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Harry privacy claim rejected ‘in its entirety’, Daily Mail publisher tells court

The Duke of Sussex’s privacy claim against the publisher of the Daily Mail is rejected “in its entirety”, brought “far too late”, and should be thrown out by a judge, the High Court has been told.

Associated Newspapers Limited (ANL) says legal challenges brought by a number of high-profile individuals, including Sir Elton John and Baroness Doreen Lawrence of Clarendon, have “no real prospects of succeeding” at a trial.

The publisher’s lawyers argued at the High Court in London on Wednesday that the cases should be dismissed or a judgment made in its favour without a trial.

But the legal team for Harry and others say ANL’s bid is “hopeless, plainly inappropriate and suggestive of a tactical gamble” to avoid a full trial.

Associated Newspapers privacy case
Sir Elton John, who is also bringing a claim against Associated Newspapers, previously attended a hearing at the Royal Courts Of Justice in London (Aaron Chown/PA)

Harry, who did not return to court for the third day of an ongoing preliminary hearing, alleges that he was the victim of unlawful or illegal information gathering and says he is concerned by the “unchecked power, influence and criminality” of ANL.

The duke and others, including actresses Liz Hurley and Sadie Frost and ex-Liberal Democrat MP Sir Simon Hughes, allege that ANL hired private investigators to place listening devices inside cars, “blag” private records, and access and record private phone conversations over a period starting from 1993.

Six of those bringing cases against the publisher have referred to alleged confessions by private investigator Gavin Burrows in their claims, but ANL has highlighted a later witness statement from Mr Burrows in which he denies being commissioned by its newspapers to conduct unlawful information gathering.

Both of Mr Burrows’ statements have now been released to journalists this week.

Adrian Beltrami KC, for the publisher, told the court on Wednesday: “The claims are rejected by the defendant in their entirety as are the unfounded allegations that are repeatedly made that the defendant either misled the Leveson Inquiry or concealed evidence from the Leveson Inquiry.”

He said the various claims were “barred” under a legal period of limitation, adding: “Whatever claims the claimants had or may have had have been brought far too late.”

In written arguments, Mr Beltrami said that the privacy claims against it could have been brought before October 2016 and that “almost the entirety” of cases could with “reasonable diligence” have been discovered before that date.

The barrister added that many of those bringing the claims had brought legal action against other newspaper groups and had hired lawyers involved in the Leveson Inquiry into press standards and phone hacking litigation as well as a “research team”.

“It is inconceivable that what is claimed to be the key new information leading to each claimant realising they had a claim arrived unbidden in the past couple of years,” Mr Beltrami said.

“It must have been the product of a process, probably over a number of years.”

He concluded that “the court should not hesitate to dismiss these stale claims at an early stage, thereby avoiding what would otherwise be a considerable waste of time, costs and the court’s resources”.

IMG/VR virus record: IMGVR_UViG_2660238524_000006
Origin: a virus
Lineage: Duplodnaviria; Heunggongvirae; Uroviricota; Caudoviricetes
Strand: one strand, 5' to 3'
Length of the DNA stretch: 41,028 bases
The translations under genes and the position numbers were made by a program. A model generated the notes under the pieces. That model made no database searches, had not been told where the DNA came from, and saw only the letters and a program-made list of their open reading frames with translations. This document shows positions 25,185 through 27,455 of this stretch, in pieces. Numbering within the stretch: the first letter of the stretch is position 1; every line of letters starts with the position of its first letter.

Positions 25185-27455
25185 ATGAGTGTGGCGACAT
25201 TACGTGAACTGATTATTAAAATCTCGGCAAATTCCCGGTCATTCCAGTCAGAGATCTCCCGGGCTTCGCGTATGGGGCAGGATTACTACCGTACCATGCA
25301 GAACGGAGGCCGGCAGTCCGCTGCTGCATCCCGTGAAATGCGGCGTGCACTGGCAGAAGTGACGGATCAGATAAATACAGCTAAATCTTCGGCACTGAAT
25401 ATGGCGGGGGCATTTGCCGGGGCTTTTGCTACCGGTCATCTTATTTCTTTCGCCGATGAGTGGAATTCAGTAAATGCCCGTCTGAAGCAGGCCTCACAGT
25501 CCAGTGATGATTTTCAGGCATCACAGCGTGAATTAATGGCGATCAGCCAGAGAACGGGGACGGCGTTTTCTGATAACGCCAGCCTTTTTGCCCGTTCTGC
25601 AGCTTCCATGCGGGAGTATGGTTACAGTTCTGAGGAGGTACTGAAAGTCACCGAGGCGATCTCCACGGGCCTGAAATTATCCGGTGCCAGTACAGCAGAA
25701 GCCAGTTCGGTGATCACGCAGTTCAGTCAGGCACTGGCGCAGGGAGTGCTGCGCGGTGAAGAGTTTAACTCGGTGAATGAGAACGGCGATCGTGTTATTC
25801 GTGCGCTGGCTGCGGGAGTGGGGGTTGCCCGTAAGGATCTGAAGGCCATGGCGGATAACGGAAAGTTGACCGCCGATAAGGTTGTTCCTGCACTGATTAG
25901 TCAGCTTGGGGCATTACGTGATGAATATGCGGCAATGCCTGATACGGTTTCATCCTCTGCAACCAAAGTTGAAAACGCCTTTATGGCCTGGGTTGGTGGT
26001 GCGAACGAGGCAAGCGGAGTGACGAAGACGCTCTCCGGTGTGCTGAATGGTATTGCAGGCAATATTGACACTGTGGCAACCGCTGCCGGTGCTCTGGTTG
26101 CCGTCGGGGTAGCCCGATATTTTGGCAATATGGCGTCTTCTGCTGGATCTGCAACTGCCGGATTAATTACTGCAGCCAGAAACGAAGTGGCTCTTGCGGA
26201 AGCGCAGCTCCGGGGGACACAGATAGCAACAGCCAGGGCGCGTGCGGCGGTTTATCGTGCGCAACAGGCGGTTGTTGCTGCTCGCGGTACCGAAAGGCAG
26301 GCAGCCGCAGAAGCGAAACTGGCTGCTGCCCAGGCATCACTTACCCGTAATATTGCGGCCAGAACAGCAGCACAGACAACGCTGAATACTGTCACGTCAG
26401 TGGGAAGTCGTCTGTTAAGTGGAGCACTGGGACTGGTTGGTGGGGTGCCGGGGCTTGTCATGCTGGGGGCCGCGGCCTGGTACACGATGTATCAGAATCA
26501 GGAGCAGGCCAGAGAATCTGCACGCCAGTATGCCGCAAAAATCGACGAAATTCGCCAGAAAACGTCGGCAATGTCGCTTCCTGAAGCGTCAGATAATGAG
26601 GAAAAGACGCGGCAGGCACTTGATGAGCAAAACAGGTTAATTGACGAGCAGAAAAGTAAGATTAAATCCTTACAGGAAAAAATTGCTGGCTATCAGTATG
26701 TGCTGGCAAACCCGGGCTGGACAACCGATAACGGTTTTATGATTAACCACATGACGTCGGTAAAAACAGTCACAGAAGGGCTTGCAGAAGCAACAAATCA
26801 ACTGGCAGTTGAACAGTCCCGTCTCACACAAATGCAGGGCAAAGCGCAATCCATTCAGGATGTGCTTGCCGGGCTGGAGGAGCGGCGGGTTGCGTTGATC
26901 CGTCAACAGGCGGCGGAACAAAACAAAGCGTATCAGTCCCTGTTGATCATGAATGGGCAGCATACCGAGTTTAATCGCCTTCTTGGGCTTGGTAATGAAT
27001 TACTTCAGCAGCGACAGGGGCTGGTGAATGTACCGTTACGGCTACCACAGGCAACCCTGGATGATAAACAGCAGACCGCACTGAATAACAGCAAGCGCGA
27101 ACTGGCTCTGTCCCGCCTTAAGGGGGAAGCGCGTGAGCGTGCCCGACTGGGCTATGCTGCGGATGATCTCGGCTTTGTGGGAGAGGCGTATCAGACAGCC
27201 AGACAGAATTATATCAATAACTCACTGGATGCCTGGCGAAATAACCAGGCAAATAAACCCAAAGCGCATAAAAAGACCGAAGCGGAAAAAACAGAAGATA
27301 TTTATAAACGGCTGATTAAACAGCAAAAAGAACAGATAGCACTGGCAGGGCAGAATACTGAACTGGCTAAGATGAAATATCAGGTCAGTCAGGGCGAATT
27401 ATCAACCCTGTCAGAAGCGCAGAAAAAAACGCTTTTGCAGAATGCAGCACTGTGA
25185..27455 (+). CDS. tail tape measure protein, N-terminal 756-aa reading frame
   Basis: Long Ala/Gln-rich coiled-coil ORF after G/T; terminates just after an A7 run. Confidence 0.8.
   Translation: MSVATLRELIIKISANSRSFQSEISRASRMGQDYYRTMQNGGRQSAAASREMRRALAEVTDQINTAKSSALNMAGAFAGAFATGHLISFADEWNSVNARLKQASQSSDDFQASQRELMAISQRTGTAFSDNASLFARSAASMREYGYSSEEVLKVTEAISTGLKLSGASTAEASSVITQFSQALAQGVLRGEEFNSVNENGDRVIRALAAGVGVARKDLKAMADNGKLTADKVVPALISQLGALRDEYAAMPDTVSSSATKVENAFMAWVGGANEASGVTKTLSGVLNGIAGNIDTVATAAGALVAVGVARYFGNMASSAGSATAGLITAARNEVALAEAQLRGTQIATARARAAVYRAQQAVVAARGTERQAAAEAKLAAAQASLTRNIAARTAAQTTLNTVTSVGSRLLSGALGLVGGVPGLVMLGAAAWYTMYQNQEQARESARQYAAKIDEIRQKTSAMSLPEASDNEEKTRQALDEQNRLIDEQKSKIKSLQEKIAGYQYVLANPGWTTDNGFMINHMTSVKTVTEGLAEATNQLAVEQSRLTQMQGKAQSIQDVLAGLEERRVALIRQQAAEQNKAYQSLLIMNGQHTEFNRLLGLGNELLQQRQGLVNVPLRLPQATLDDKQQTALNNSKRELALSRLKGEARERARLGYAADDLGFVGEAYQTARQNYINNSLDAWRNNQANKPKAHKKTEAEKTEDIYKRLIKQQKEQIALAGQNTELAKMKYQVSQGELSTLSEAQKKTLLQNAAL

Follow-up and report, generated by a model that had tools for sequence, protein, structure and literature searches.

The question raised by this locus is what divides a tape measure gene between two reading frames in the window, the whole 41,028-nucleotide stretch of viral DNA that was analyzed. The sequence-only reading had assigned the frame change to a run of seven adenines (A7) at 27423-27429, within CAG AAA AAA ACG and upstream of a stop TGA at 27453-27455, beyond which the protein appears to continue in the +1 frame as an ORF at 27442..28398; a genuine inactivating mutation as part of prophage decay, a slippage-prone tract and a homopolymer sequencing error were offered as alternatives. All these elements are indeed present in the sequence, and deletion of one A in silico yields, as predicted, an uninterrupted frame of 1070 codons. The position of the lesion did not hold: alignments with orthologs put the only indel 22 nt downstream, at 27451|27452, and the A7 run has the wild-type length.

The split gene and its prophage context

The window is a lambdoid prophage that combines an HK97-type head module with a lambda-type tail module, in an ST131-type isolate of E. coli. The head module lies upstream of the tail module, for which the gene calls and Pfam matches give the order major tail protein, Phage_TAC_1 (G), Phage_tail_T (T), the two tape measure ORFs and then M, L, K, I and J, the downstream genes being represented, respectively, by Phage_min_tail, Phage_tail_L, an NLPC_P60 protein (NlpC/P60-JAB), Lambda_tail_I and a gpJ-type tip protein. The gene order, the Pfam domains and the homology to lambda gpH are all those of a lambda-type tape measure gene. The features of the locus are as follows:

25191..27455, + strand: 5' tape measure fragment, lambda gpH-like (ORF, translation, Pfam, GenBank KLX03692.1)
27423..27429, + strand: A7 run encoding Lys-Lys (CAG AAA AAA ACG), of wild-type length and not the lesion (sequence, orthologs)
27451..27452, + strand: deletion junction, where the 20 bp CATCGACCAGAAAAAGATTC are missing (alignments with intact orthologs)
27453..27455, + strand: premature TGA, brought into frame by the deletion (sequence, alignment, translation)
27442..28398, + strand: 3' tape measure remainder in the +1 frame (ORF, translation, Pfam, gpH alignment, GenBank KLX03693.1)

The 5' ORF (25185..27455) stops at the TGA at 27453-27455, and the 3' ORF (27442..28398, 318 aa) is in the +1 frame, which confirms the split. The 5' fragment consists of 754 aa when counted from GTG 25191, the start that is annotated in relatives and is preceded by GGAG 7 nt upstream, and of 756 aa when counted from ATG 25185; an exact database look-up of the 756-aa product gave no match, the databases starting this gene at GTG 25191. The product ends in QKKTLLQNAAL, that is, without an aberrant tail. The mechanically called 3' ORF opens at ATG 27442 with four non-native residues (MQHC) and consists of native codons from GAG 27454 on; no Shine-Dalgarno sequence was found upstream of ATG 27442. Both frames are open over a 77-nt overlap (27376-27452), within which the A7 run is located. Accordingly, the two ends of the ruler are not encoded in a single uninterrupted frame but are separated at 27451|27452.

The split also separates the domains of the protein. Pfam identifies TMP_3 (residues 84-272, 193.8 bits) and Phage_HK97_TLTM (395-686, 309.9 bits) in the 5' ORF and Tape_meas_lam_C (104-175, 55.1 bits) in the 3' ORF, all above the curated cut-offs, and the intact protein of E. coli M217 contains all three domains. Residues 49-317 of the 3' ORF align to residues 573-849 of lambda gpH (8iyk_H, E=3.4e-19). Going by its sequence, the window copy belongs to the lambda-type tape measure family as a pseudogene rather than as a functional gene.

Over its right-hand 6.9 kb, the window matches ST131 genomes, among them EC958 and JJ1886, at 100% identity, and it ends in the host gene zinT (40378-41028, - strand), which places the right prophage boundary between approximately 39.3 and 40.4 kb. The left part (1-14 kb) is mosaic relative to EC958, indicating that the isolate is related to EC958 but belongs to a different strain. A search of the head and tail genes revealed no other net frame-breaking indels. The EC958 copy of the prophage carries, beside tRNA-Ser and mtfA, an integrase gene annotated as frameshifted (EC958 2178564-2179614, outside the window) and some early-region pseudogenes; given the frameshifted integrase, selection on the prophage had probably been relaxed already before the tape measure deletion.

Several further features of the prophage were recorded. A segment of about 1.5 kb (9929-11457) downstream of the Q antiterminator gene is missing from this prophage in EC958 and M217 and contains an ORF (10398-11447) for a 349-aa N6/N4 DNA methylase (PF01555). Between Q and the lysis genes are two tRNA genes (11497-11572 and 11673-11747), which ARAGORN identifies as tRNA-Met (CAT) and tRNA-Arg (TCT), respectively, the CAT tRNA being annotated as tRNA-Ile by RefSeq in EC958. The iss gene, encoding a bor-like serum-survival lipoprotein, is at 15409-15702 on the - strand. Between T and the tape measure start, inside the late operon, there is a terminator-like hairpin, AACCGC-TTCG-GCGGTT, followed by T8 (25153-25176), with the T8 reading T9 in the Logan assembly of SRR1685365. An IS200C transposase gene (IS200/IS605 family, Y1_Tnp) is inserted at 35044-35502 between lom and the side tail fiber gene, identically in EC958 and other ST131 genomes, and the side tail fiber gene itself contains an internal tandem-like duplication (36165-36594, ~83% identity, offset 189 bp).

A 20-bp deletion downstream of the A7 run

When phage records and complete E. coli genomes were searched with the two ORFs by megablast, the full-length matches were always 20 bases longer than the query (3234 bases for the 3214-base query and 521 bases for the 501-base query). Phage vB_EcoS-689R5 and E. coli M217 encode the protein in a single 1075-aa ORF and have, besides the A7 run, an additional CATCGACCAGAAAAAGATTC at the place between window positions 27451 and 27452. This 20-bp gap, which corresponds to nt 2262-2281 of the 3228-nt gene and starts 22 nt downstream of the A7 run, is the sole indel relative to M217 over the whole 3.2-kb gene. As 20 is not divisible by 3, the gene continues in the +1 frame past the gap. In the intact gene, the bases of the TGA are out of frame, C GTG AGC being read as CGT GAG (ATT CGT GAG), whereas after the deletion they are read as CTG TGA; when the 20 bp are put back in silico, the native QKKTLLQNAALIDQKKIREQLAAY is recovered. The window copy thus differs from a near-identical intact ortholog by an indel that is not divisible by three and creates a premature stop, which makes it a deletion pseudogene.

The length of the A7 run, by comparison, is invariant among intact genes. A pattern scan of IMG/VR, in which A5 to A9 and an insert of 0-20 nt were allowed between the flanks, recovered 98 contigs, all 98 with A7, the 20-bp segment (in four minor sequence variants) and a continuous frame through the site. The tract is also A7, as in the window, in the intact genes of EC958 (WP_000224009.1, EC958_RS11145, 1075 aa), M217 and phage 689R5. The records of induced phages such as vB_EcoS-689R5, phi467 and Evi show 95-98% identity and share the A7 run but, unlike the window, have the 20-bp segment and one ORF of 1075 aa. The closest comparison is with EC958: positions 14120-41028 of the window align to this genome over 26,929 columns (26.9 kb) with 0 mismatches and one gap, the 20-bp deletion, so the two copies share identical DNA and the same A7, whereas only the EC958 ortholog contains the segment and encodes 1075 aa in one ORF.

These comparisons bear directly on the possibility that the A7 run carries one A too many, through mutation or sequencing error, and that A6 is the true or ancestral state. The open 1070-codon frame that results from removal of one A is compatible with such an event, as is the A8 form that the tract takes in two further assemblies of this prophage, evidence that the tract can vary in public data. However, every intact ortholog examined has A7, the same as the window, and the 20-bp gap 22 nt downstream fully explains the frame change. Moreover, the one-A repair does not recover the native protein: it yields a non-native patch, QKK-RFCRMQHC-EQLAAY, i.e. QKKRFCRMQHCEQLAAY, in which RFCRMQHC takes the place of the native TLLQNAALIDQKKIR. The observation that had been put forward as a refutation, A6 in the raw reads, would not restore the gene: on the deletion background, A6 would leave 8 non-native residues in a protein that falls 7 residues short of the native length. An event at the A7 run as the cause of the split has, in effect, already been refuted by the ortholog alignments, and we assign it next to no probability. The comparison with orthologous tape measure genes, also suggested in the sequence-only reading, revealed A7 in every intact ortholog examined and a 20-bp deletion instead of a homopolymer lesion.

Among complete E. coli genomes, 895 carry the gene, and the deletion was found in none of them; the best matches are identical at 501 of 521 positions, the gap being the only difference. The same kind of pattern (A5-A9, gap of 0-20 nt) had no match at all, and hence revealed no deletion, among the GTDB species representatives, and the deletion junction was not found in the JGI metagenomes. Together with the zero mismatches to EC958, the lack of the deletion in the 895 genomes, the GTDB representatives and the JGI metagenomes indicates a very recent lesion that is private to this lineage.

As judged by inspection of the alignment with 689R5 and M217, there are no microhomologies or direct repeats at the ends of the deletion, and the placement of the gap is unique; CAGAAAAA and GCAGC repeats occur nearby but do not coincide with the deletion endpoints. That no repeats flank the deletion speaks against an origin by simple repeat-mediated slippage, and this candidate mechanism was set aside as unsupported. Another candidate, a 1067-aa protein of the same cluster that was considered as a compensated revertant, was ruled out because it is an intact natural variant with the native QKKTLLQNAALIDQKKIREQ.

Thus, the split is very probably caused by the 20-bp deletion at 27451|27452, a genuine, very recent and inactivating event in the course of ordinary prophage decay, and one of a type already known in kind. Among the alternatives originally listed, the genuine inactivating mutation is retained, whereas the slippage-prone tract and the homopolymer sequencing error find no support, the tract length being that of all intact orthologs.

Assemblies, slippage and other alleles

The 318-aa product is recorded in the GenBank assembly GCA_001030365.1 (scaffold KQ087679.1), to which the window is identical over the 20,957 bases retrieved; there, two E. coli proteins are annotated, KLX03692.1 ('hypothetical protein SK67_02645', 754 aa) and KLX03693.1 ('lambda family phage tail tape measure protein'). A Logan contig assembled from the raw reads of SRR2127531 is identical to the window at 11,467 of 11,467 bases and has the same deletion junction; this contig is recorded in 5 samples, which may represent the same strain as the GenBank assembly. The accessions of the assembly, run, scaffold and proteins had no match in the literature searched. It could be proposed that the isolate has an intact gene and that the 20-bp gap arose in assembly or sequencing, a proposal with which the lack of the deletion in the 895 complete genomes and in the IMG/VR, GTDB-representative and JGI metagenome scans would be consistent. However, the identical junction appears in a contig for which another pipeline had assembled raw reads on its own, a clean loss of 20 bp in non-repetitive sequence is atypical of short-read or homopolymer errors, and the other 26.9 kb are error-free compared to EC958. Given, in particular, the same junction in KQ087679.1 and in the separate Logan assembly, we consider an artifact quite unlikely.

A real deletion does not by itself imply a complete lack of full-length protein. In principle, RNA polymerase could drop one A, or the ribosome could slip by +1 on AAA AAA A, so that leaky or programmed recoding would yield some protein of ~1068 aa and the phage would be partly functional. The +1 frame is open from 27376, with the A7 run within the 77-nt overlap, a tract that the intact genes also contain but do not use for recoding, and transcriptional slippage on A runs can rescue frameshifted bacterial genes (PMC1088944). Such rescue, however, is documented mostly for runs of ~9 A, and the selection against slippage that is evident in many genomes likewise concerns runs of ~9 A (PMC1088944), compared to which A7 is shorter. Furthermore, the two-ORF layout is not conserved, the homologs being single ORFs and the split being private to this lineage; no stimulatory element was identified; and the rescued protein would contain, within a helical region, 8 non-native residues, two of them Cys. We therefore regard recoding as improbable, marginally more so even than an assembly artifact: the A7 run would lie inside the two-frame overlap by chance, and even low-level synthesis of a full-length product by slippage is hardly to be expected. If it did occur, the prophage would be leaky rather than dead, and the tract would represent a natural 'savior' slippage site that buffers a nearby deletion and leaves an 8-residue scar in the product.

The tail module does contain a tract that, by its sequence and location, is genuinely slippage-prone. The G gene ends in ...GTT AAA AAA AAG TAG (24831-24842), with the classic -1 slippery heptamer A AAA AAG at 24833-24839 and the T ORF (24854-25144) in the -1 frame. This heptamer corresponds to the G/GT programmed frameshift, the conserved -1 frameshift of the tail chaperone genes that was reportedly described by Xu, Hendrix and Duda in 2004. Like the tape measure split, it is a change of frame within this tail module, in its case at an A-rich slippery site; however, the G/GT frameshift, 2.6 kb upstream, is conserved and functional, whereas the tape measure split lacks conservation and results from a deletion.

David Sherborne, representing the group bringing the legal action, said in written arguments that they “heavily resisted” ANL’s bid to have their cases dismissed.

He said the evidence so far over ANL’s alleged unlawful information gathering “appears compelling”, but that this should be decided at a trial.

Mr Sherborne questioned how the group could have discovered they had potential cases where “as a result of the defendant’s deliberate concealment and the intentionally covert nature of the underlying acts themselves, the vast majority of the evidence is necessarily in the defendant’s own possession”.

The duke and others “did not discover it until recently,” he added.

ANL has previously argued that parts of the cases brought against it rely on documents that were provided by the company to the Leveson Inquiry in 2011 and 2012 with the understanding that they were confidential.

The publisher said these documents are subject to publication restriction orders over their use, and that lawyers for Harry and others are in breach of these by relying on them without first applying for their disclosure.

Mr Sherborne said the material is not covered by the inquiry’s restriction orders.

In a witness statement released on Tuesday, Harry has alleged that journalists at ANL “are criminals with journalistic powers which should concern every single one of us”.

ANL has branded his allegations as “untrue, inflammatory and deeply offensive”, accusing him of being “obsessed” with its newspapers.

Baroness Lawrence, the mother of murdered teenager Stephen Lawrence, claims to have been the victim of the illegal interception of her voicemails, monitoring of her bank accounts and “corrupt payments to serving Metropolitan Police Service police officers, including on the Stephen Lawrence murder investigations, for confidential information”.

Sir Elton and his husband David Furnish have alleged the landline phone of their Windsor home was tapped by investigators on ANL’s behalf and that the birth certificate of their first child was unlawfully obtained by the publisher.

Mr Furnish and Ms Frost continued to attend court on Wednesday, following visits by Harry, Sir Elton and Baroness Lawrence this week.

The hearing before Mr Justice Nicklin is due to conclude on Thursday, with a ruling expected at a later date.